In short, a series of stereotypes related to sexuality, bodies and social roles associated with women and men remain rooted, which in turn have many consequences on scientific research. In the calculation of the risk-benefit ratio, for example, while for women the side effects of hormonal dosages are considered as a discomfort to be endured but inevitable to avoid an unwanted pregnancy, in men, explained Mireille Le Guen, expert in evolution in use of contraceptives, the cost-benefit balance is always calculated “in relation to the fact of being in good health” and the balance will therefore always and definitively be negative. In short, pregnancy would be essentially a female issue and therefore there would be no reason for men to face the possible side effects of a male contraceptive.

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However, there are also other elements that led to the early termination of clinical trials: «As soon as it was seen that it could have effects on libido, we began to say that this method was not sufficiently suitable for men and we stopped. This question has been asked less for women “and this is because the idea that” male sexuality has more to do with a physiological aspect, with a drive, while female sexuality it would depend more on the psychological question“.

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These stereotypes have in fact led to the absence of significant data production on male contraception, to the lack of funding for studies and trials, and to a lack of general information on the existing possibilities: in fact, as we have seen, condoms and vasectomies. Among other things, in France, vasectomy, which was legalized only in 2001, is used by less than 1 percent of men compared to 21 percent of men in the United Kingdom, also because it is still associated with the fear of losing one’s manhood. .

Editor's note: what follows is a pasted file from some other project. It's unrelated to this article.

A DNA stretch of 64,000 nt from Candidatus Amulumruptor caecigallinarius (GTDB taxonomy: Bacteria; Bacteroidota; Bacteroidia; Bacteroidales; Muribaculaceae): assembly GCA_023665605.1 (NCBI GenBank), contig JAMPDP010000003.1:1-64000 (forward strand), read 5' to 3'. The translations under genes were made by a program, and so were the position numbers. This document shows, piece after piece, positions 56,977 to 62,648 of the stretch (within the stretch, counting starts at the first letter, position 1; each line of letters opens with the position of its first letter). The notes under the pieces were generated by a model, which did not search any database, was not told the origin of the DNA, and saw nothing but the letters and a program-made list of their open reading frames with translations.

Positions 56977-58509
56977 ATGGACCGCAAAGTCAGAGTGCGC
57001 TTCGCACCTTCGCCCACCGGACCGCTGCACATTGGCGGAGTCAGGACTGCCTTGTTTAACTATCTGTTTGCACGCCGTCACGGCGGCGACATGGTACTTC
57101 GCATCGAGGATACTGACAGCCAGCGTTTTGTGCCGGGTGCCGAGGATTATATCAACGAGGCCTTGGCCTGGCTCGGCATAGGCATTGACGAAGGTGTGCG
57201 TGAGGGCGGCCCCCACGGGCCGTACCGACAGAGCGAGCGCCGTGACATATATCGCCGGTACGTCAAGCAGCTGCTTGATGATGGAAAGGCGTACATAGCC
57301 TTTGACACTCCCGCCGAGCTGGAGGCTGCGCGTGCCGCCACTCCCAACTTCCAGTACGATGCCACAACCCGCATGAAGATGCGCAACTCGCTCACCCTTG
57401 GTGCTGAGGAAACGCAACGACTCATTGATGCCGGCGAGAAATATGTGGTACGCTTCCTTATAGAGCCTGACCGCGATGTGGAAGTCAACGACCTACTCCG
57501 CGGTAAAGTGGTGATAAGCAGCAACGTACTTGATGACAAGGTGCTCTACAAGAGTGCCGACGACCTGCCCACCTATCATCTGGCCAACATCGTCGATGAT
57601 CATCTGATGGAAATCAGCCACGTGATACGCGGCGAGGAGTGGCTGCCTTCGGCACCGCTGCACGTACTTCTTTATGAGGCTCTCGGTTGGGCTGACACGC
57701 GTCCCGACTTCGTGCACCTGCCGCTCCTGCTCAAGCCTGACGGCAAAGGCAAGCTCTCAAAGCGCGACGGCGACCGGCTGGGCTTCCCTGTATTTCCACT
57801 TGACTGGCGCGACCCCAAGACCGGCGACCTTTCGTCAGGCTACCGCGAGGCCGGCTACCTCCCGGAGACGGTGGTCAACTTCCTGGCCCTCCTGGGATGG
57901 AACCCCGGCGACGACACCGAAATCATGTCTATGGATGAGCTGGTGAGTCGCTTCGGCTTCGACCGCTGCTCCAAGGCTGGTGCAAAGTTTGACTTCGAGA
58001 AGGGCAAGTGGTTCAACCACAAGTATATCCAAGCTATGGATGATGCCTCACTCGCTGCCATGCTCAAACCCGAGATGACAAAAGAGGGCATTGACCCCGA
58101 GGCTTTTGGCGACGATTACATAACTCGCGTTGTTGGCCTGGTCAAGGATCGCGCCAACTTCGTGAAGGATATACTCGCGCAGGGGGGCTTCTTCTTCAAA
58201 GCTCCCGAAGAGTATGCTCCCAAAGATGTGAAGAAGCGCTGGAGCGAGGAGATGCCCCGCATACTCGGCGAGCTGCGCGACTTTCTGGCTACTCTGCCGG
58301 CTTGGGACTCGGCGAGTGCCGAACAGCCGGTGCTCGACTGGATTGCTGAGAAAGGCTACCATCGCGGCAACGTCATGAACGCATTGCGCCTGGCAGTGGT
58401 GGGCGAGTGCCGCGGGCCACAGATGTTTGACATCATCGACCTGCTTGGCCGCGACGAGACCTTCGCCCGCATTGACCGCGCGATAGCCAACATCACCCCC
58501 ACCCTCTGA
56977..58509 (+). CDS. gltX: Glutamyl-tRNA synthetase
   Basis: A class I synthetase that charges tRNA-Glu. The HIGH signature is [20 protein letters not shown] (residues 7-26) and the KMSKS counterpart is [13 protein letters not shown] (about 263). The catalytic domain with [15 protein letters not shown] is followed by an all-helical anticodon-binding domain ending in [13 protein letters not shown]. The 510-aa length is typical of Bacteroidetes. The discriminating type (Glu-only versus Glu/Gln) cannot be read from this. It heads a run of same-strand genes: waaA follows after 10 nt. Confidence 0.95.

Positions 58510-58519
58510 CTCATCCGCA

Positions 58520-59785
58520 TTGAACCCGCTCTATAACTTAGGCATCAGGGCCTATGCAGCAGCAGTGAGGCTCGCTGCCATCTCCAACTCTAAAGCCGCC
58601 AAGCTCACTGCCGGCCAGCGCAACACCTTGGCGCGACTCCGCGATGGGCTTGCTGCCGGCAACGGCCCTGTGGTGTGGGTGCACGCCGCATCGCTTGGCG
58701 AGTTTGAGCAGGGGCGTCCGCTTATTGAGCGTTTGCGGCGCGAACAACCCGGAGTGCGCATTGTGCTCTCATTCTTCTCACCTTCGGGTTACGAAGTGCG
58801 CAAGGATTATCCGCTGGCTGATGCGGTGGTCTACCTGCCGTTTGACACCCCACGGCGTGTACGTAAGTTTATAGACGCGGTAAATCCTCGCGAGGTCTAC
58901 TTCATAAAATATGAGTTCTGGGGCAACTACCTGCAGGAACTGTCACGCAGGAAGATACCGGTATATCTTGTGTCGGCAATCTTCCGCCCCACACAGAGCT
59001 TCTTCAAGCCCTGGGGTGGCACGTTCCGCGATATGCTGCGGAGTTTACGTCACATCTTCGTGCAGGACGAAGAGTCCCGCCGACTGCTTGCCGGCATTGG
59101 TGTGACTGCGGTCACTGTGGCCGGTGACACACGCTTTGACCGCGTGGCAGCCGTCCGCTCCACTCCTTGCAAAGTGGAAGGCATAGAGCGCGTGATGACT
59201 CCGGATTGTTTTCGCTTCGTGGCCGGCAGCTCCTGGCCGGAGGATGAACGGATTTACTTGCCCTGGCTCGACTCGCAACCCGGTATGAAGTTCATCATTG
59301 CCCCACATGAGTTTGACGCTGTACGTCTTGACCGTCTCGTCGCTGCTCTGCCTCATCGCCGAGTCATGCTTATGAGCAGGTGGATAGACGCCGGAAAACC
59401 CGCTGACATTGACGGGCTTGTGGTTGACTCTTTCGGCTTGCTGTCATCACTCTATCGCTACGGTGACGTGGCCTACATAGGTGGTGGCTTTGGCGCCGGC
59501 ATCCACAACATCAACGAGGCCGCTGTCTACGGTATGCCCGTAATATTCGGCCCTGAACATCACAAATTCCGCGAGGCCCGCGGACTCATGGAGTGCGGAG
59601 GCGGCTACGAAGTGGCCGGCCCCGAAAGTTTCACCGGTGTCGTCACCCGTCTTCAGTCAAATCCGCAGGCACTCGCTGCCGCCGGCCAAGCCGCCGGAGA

Libérationin another article, list the different methods of male contraception. Many of these have never been validated: they are therefore methods whose efficacy or safety has not been guaranteed. Part of these methods is based on heat. To produce sperm, the testicles must have a lower temperature than the rest of the body, between 34 and 35 degrees. Increasing the temperature of the testicles would therefore lead to a slowdown in spermatogenesis, that is, the formation of sexual cells capable of fertilizing. The increase in the temperature of the testicles can be obtained by using for many consecutive hours a special underwear, which raises the testicles towards the groin or which warms them through a thermoregulator, or by using a special silicone ring.

Finally, there are several methods under study: hormone injections, a non-hormonal pill, a hormone gel that blocks sperm formation and is currently being tested in the United States, or a blocking gel that if injected into the vas deferens of the male genital system – those in which sperm passes to go from the testicles to the penis – prevents sperm from adding to the seminal fluid produced by the prostate and seminal vesicles.

A prototype of this gel was developed in India and is called Risug (which stands for Reversible Inhibition of Sperm Under Guidance): it was also the first and only male contraceptive to reach phase 3 of the clinical trial, i.e. the penultimate, but it has not yet been definitively approved. In the United States, inspired by Risug, Vasalgel is being tested.